Choosing colours for a scrappy quilt

by | Jun 22, 2020

Choosing fabrics for a scrappy quilt

Are you joining us for this ITH Mystery Quilt-Along?

Over 8 weeks in August and September we will be making A Starry Night in the Forest.

Find out more and join up here: Mystery QAL

Mystery colours

Picking fabrics for a quilt is the most fun! But can also be incredibly confusing. It’s easy to spend hours and hours putting fabrics together trying to get the perfect combination.

And for a mystery quilt, it’s even more tricky because you don’t know what the design will be. (Big hint from the name: there are stars and trees⭐️🌲🎄⭐️🌲🌲🌲⭐️🎄🎄⭐️🌲🎄✨🌟⭐️)

Scraps from the stash or pre-cut jelly rolls?

If you’re not totally confident with putting fabrics together, you can buy ready-made coordinated layer cakes and jelly rolls.  But if you have a big stash like I do, this quilt is a perfect way to use up scraps.

Now, this is a mystery quilt, so I’m not giving too much away just yet, but For this mystery quilt, I’m making two versions: one will be bright colours like pink, orange, turquoise, green on a solid background fabric, and the other will be traditional red and green holidays prints.

I’ll post my fabric choices in the Facebook group as we go along.

Tips for combining scrap fabrics

Scrappy quilts can be tricky but there are a few rules to make them work. I’m assuming you want to make a wow quilt where the design pops, not one that’s just a jumble of colours (although if that’s what floats your boat, go for it!).

A scrappy quilt still needs a cohesive plan. The easiest way to see how to make good fabric choices for a scrap quilt is to look at a few and analyse why they work.

I picked three at random from Pinterest (you can see them on the Pinterest board I made especially for the Mystery QAL here:

Scraps that pop

The first one I chose one has about 20 fabrics but they are all small prints or plains and stay in a limited palette of reds, blues and turquoise. Each block is different but the overall look is well balanced. Did you notice how the red and blue/teal alternate in a checkerboard arrangement?

Red and blue are classic partners, but adding the teal shades makes the quilt sing because we’re moving towards red’s opposite on the colour wheel, green.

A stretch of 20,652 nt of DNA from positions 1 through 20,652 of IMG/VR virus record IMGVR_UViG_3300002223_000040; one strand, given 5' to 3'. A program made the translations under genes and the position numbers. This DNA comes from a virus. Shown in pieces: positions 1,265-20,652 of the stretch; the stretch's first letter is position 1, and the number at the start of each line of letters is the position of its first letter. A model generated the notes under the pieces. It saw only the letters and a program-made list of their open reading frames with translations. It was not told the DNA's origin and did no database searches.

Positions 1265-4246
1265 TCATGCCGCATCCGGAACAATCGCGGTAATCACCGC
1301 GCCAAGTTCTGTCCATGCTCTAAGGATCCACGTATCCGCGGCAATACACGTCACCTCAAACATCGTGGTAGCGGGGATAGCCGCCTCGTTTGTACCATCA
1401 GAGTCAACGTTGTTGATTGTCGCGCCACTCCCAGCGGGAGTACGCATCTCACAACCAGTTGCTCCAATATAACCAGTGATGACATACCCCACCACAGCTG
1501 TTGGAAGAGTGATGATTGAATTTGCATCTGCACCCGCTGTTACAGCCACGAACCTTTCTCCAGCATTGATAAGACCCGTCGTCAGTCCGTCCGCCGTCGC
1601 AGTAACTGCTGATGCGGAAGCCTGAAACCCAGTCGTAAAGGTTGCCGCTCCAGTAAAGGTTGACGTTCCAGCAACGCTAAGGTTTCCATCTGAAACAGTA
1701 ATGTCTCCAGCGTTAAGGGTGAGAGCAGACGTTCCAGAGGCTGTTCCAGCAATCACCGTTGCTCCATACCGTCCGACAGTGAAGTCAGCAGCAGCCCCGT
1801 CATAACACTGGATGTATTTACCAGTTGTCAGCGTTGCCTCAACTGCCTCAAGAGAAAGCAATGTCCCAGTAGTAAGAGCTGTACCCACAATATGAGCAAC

Each block is only three fabrics: the centre square, the points and the background. The variety of fabrics is fun, but the overall effect is easy to read because of how the star points contrast with the background.

(This is a free pattern from CluckCluckSew)

Brights on white

This one shows the effect of using dark and light fabrics to make different areas of the design jump out at you.

All the blocks are the same design, but by swapping dark, bright and white placement in each block, they are transformed.

The quilt still uses a fairly limited palette with hot pinks and oranges combined with cool blues and greys. I love the clash of yellow, pink and orange.

The small dark sashing corner blocks and the pink piping unify the design, and the white sashing keeps the blocks from running into each other.

Like the first one, this quilt uses a mix of small prints and plains.

This is the Nova Star quilt by Then Came June

Nova Star quilt by Then Came June

A scrappy Christmas colourway

Finally. because our quilt has stars and trees, I picked a quilt with a more traditional Christmassy palette.

The red background unifies all the different sizes of stars and brings all the fabrics together. It also means the mix of large scale prints works alongside the plains and small scale prints.

Plus although this is the traditional red/green holiday palette, there are some pinks and aquas in there, but the solid background pulls them all together.

You can see that all the stars are the same eight-pointed shape. But if you look closely there’s a lot of variety in how they are made. Some have a centre square, some are elongated diamonds, and some are all one fabric.

(Quilt by Alex on Flickr. I don’t think there’s a pattern but if you find one, let me know!)

Christmas stars quilt

Ready to play around with colours?

Here’s a diagram of the block arrangement for A Starry Night in the Forest. Print it off and try a few different palettes.

A Starry Night in the Forest block layout diagram

Tips for planning a scrappy quilt:

  • Keep to a limited palette of two or three colours
  • Or use lots of colours and unify them with one choice of background fabric in a solid colour
  • Use large scale prints carefully, they will be lost on small applique pieces
  • Add some contrast, eg mix light/dark, or opposite colours like reds/greens, yellows/purples or blues/oranges
  • Brights mixed with neutrals add impact and look contemporary
  • Don’t be afraid to experiment, Blocks that don’t work for the mystery quilt can easily be used for other projects

Now share your fabric choices in the Facebook group!